Nalliber Ruiz Torres recounts her mother’s wisdom: “Creation is for everyone because it comes from God. If the sun, like the Bible says, shines for the bad and the good, it’s the same with the mountains and rivers.” Nalliber adds, “When I see nature, I see God’s grace.”
As a member of our Maryknoll Young Adult Empowerment Community in Los Angeles, Nalliber brings her passion for nature to our monthly meetings where young adults support one another and discern together how to put their faith into action. She inspires other group members by sharing the link between social justice, the environment and her cultural heritage as she advocates for the vital issue of water.
Born and raised in Bogota, Colombia, Nalliber immigrated to the United States with her family when she was 15. While finishing high school in her new home, she served her parish in various ways, including as a catechist and lector. “(Faith is) the most important asset for me. Faith helped me go from one country to another… not knowing the language. It got me through culture shock,” she says. “And it’s taking me further with my studies and my ministry. It’s my anchor.”
Nalliber’s passion for environmentalism was first ignited in Colombia. Growing up, she learned that Colombia is known for its great biodiversity of frogs. It is also one of the countries with the highest number of threatened species in Latin America. Nalliber notes that some of the emblematic cultural features of her home country, like coffee, are gifts from the earth. She was moved by how the indigenous people of Colombia are caretakers of our common home. “I grew up within an environment of valuing our people from the campos (countryside),” she says.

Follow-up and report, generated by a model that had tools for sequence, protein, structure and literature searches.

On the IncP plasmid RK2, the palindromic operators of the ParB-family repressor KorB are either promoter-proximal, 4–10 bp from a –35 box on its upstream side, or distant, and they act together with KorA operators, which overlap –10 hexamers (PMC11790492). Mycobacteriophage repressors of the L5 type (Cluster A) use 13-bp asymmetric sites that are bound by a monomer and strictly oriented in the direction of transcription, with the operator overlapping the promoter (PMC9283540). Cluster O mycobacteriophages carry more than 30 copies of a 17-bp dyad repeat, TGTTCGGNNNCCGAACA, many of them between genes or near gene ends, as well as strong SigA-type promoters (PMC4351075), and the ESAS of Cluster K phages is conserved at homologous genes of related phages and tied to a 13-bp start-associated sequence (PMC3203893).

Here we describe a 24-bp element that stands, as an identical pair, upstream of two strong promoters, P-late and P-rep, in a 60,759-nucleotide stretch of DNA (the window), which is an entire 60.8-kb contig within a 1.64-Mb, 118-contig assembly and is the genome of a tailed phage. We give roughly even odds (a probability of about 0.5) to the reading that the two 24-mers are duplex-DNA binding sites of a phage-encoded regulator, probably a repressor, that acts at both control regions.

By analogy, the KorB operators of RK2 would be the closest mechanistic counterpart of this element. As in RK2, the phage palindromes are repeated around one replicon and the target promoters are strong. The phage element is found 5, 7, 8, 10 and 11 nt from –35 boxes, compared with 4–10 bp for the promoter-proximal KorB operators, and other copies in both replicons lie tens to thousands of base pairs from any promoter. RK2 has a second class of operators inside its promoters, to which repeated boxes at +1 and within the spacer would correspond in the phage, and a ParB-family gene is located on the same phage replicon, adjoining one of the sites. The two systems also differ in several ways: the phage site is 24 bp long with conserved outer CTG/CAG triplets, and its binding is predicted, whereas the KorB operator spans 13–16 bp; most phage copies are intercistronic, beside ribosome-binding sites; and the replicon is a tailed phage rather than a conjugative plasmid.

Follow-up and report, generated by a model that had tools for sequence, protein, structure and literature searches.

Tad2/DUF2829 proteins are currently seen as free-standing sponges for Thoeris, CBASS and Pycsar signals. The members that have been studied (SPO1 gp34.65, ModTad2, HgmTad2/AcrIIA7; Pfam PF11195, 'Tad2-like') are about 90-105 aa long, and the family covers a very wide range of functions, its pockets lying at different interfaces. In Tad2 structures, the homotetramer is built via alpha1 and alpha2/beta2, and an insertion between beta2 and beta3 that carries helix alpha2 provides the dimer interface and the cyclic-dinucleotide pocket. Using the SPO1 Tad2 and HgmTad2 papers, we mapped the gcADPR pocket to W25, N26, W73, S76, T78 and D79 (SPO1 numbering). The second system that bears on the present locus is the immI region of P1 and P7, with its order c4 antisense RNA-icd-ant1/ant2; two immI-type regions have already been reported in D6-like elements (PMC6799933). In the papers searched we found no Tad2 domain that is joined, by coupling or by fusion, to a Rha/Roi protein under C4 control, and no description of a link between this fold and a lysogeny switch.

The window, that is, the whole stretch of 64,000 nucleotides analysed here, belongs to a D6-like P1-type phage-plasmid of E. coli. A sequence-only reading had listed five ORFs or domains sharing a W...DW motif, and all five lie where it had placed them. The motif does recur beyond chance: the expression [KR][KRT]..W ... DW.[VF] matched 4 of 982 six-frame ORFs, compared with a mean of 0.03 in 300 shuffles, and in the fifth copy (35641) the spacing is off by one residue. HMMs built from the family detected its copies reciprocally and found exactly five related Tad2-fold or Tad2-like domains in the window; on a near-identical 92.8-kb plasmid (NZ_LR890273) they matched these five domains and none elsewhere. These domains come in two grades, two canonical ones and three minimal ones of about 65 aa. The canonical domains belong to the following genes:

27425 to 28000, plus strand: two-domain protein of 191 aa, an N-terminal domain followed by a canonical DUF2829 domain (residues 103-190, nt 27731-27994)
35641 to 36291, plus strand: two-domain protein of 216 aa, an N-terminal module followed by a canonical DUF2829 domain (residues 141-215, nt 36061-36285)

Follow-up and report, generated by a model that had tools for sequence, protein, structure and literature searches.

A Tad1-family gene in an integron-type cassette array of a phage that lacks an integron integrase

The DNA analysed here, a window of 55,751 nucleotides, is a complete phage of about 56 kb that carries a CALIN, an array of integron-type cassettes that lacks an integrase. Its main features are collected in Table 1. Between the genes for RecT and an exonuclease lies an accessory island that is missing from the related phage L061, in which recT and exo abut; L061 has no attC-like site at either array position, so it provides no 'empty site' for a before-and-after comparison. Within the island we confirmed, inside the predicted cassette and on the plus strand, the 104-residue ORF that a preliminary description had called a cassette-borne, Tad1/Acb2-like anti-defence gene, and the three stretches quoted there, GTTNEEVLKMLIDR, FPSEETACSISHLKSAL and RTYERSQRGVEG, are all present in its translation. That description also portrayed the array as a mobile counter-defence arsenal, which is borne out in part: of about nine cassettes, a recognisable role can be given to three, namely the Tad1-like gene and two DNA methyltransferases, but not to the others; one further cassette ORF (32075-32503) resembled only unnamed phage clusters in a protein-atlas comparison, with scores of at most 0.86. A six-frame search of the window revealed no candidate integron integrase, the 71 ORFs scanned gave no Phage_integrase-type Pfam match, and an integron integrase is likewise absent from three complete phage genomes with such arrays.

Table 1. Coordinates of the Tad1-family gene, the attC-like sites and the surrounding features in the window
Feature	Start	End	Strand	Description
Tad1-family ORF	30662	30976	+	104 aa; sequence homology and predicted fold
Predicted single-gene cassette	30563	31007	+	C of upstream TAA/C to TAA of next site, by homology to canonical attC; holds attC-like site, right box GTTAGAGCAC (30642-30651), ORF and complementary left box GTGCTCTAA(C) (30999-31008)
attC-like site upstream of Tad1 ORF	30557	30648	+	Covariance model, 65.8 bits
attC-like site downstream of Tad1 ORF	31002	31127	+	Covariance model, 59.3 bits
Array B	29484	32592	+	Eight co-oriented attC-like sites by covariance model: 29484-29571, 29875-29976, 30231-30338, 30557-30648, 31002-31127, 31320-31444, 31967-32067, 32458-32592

Participating in a research project, Nalliber Ruiz Torres (left) visited members of the Wayuu indigenous people suffering from lack of water in La Guajira, Colombia. (Courtesy of Nalliber Ruiz Torres/Colombia)
Originally Nalliber’s interest in social issues inspired her to pursue a Master of Social Work. But a lecture on water security and sustainability was the “light bulb moment” that led her on a different path. She changed majors and reapplied to graduate school to pursue a master’s degree in public policy — specializing in environmental policy — at the University of Southern California. She traveled to La Guajira in Colombia for a research project and witnessed first-hand how the Wayuu indigenous people are affected by the lack of water resources.
From this experience, Nalliber’s goal became clear. International companies exploit lands and displace indigenous communities for profits, she says. But profits cannot sustain us; water can. She adds, “In reality, it’s our last right. If we don’t have that, we don’t have a future.” Nalliber is especially moved, she shares, because God’s gift of water is the life source for all creation. It is needed for agriculture, for livestock, and for human life.
Nalliber also says that the Maryknoll YAE community helped her see the connection between her talents and gifts and how she was called to serve others. “It helped me tremendously to unite my two pillars: faith and environmental justice,” she says. This gave her “a sparkle,” she continues, “to know with certainty what is God’s calling for my life, and therefore my purpose.”
Once she graduates in 2023, Nalliber plans to start a non-profit to work with the Wayuu people on conservation and water security. Inspired by how the Wayuu live in harmony with nature, she says, “We’re not going there just to fix a problem or give the solution. We’re going to those communities to empower them and advocate for their rights.”
As a young adult and advocate for change, Nalliber encourages young people to identify their calling. “We all have a particular one, given to us by God according to his boundless generosity,” she adds. “Start doing that work. See how you can grow.”
Featured image: Nalliber Ruiz Torres says she combined the pillars of her faith and passion of environmental justice and discerned God’s call for her life. (Courtesy of Nalliber Ruiz Torres/Colombia)